The Canadian Legislation, among other things, governs the fabrications, formulation, packaging, labeling, advertising and sale of NHPs and drugs, and regulates what may be represented on labels and in promotional materials regarding the claimed properties of products. The Canadian Legislation also require NHPs and drugs sold in Canada to affix a label showing specified information, such as the proper and common name of the medicinal and non-medicinal ingredients and its source, the name and address of the manufacturer/product license holder, its lot number, adequate directions for use, a quantitative list of its medical ingredients and its expiration date. In addition, the Canadian Legislation requires labeling to bear evidence of the marketing authorization as evidenced by the designation DIN, "DIN-HM" (drug identification number—homeopathic medicine), or NPN, followed by an eight-digit number assigned to the product and issued by Health Canada. Health Canada approval for marketing authorization can take time. The approval time of NHPs and drugs can vary depending on the product and the application or submission. For NHPs the Canadian Regulations indicate that certain product licenses should be processed within 60 days. However, the regulations also include provisions to extend this time frame if, for example, more information is required. There can be significant delays.

        Health Canada can perform routine and unannounced inspections of companies in the industry to ensure compliance with the Canadian Legislation. The overall risk factors and market prospects for Canada, in general, are similar to those in the United States, as outlined above. Health Canada can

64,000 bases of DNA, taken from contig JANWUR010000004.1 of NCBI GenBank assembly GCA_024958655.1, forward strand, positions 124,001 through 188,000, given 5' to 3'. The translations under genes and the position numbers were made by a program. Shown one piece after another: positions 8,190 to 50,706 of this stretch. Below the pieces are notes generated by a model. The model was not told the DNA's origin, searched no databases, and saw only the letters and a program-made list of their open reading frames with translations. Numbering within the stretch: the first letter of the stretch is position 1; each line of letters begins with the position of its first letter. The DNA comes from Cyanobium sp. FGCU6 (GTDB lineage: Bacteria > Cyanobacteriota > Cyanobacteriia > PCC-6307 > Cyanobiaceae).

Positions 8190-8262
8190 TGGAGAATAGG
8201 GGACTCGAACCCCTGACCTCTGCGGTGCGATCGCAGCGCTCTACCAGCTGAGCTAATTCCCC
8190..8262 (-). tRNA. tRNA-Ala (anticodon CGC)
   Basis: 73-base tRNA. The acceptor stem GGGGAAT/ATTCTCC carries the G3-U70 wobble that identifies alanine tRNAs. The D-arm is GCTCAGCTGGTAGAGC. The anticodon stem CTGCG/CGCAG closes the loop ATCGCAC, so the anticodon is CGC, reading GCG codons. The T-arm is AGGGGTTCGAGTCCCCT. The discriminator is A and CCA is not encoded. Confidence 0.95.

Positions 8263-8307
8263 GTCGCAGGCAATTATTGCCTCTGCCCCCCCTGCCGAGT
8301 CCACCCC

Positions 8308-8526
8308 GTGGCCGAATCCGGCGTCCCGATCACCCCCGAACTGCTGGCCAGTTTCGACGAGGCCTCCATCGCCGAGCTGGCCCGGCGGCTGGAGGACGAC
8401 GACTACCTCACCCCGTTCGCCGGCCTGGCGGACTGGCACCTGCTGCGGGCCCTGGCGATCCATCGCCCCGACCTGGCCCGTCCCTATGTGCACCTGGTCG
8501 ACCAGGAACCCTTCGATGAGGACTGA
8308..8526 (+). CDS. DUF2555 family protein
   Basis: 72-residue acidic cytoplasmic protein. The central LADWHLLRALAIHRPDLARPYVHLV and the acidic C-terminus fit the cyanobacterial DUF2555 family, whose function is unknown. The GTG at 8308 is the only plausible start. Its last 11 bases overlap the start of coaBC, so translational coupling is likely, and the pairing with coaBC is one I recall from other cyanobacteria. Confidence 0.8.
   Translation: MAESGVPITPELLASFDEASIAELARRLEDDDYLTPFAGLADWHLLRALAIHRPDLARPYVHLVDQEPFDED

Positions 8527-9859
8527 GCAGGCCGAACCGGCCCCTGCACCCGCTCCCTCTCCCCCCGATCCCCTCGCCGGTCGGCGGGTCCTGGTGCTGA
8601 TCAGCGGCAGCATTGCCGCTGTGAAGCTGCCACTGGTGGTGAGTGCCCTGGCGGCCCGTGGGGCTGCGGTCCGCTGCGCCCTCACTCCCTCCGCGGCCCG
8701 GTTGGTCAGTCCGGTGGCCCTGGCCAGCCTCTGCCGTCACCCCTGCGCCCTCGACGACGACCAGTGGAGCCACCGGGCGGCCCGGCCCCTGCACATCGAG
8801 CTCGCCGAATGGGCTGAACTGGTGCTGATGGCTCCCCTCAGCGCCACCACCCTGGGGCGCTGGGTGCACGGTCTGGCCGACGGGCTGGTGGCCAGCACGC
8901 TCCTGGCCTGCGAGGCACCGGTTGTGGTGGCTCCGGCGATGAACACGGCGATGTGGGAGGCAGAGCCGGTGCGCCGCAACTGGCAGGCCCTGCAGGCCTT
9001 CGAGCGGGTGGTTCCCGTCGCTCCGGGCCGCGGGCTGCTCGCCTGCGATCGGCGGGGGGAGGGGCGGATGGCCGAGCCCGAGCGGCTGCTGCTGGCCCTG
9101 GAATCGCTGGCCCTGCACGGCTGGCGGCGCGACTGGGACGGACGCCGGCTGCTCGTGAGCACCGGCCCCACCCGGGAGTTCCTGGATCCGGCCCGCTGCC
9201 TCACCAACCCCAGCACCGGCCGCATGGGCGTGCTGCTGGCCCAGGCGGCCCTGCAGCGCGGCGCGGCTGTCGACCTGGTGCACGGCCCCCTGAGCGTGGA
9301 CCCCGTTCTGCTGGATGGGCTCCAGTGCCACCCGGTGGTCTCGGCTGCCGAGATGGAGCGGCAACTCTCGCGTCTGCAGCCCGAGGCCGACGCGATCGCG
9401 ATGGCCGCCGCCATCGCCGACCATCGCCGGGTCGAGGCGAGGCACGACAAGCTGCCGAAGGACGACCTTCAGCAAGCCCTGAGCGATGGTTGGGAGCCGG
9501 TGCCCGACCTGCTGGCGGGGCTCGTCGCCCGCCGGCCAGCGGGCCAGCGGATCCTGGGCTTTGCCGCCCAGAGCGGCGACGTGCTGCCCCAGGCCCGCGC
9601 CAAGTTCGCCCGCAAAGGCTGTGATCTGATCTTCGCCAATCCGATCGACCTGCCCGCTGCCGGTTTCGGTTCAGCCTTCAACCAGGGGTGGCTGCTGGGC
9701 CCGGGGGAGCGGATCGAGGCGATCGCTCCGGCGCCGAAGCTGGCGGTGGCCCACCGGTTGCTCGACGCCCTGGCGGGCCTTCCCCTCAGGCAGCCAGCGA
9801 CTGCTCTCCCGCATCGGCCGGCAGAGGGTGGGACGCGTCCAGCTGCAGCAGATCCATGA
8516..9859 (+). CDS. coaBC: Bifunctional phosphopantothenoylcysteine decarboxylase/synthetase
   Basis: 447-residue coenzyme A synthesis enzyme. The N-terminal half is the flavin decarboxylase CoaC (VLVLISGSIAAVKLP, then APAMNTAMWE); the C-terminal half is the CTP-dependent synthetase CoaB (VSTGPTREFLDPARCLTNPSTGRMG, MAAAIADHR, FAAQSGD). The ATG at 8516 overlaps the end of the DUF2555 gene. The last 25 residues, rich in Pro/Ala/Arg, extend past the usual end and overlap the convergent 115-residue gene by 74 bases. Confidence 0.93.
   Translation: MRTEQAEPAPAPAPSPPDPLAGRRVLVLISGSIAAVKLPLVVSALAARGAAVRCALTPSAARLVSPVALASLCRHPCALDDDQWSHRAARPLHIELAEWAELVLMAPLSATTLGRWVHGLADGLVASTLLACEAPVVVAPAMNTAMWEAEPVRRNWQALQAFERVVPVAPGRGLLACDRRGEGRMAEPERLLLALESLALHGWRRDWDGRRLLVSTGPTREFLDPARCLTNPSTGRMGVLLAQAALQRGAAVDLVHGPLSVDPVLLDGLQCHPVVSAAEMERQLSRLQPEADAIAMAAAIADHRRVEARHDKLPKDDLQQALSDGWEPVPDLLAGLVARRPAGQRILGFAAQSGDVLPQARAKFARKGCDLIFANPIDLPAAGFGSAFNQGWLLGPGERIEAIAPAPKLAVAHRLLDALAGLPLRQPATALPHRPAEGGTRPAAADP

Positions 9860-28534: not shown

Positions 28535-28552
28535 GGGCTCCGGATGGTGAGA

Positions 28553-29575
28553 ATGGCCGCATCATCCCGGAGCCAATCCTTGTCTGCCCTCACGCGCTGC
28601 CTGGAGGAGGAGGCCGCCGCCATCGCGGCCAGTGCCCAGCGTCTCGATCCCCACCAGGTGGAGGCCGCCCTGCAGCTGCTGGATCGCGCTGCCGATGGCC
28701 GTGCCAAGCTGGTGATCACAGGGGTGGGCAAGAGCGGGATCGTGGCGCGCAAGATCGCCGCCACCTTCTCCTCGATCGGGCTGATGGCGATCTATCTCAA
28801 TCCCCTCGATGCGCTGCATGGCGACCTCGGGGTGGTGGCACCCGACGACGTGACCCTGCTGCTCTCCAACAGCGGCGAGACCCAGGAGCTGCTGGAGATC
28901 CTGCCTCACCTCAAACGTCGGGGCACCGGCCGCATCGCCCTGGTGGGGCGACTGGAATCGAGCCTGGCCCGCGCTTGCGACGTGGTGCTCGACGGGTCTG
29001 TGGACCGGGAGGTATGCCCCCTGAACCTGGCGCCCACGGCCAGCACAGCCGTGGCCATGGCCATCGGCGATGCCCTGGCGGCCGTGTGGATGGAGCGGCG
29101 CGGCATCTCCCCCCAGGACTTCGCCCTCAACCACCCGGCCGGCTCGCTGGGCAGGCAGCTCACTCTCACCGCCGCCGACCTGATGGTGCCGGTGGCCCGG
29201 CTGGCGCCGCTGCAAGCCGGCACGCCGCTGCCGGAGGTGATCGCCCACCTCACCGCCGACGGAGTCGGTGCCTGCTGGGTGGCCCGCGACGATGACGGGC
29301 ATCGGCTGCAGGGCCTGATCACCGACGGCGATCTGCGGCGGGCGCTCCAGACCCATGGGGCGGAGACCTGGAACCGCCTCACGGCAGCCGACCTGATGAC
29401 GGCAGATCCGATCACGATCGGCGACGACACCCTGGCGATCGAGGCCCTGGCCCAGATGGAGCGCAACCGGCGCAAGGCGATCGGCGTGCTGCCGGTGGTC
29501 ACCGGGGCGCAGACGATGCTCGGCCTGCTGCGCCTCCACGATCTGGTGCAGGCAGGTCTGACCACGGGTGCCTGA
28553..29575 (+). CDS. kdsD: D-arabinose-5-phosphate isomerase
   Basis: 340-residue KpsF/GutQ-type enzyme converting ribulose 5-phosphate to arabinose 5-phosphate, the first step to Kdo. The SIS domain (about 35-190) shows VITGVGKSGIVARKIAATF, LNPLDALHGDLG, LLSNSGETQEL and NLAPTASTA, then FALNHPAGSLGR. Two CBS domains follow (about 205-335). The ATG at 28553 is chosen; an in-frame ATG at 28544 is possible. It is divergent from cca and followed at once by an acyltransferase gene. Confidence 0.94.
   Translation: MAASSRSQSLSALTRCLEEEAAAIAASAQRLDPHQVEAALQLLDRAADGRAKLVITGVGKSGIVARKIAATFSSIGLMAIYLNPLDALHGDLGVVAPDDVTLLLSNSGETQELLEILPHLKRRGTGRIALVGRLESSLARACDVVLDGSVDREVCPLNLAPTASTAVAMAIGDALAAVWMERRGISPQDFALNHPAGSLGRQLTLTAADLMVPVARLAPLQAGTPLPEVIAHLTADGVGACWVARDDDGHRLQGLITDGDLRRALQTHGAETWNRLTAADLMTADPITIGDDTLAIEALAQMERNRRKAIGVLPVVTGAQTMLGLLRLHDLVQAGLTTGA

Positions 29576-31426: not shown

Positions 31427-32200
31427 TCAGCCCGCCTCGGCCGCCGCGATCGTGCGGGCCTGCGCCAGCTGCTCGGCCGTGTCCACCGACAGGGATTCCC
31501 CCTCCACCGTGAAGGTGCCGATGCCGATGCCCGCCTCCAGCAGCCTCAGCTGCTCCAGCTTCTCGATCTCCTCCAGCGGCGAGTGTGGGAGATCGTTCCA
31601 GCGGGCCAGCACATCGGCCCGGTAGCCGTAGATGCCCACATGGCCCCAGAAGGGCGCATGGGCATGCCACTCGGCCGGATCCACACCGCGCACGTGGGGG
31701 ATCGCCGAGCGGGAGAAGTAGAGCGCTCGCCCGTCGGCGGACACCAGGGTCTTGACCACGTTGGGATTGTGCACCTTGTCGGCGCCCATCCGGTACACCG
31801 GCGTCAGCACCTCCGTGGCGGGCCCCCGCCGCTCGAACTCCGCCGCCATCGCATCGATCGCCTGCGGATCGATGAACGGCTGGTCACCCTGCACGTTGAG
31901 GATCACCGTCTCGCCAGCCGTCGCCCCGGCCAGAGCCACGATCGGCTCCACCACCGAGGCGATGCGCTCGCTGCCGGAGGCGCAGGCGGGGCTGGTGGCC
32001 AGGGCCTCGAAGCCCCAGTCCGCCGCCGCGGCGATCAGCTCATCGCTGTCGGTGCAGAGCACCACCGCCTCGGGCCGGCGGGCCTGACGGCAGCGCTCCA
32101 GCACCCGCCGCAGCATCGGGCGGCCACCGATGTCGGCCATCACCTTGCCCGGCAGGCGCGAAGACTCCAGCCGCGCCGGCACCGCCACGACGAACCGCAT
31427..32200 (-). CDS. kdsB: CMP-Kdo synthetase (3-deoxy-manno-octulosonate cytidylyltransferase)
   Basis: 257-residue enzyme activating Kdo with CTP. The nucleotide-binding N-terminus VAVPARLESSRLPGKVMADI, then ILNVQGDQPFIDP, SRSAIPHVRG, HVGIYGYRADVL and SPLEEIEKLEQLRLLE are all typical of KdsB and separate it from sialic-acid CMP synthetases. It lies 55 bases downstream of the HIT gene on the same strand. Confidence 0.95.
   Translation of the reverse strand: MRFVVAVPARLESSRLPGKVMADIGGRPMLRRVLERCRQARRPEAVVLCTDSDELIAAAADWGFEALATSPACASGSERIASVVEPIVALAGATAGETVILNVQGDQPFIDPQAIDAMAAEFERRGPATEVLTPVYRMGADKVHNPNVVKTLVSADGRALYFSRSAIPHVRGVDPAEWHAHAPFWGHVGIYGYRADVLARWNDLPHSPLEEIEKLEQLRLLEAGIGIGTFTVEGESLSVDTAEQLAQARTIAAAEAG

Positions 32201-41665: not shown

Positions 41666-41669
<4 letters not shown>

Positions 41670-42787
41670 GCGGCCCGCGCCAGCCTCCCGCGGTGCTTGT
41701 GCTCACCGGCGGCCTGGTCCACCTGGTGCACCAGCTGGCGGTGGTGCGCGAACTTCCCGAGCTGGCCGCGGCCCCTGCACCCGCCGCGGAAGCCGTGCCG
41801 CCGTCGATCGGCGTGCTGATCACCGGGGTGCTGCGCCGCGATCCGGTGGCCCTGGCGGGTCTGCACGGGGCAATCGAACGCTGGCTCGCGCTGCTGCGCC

suspend or revoke licenses for lack of compliance. In addition, if Health Canada perceives the product to present an unacceptable level of risk, they can also impose fines and jail terms.

        On April 8, 2008, the Canadian Government tabled Bill C-51: An Act to amend the Food and Drugs Act. If pursued, among other things, the bill will create new offenses relating to food, therapeutic products (including drugs and potentially NHP's) and cosmetics, formalizes certain licensing and prior authorization requirements, provides a framework for on-going compliance monitoring and disclosure of personal and confidential business information in certain circumstances. If passed, we would need to adapt our practices to comply with any new legislative and regulatory requirements.

International Operations

        In addition to the United States, Canada, the UK, Ireland and the Netherlands, we market nutritional supplement products through subsidiaries, distributors, retailers and direct mail in more than 75 countries throughout Europe, Central America, South America, Asia, the Pacific Rim countries, Africa and the Caribbean Islands.

        We conduct our international operations to conform to local variations, economic realities, market customs, consumer habits and regulatory environments. Our products (including labeling of such products) and our distribution and marketing programs are modified in response to local and foreign legal requirements and customer preferences.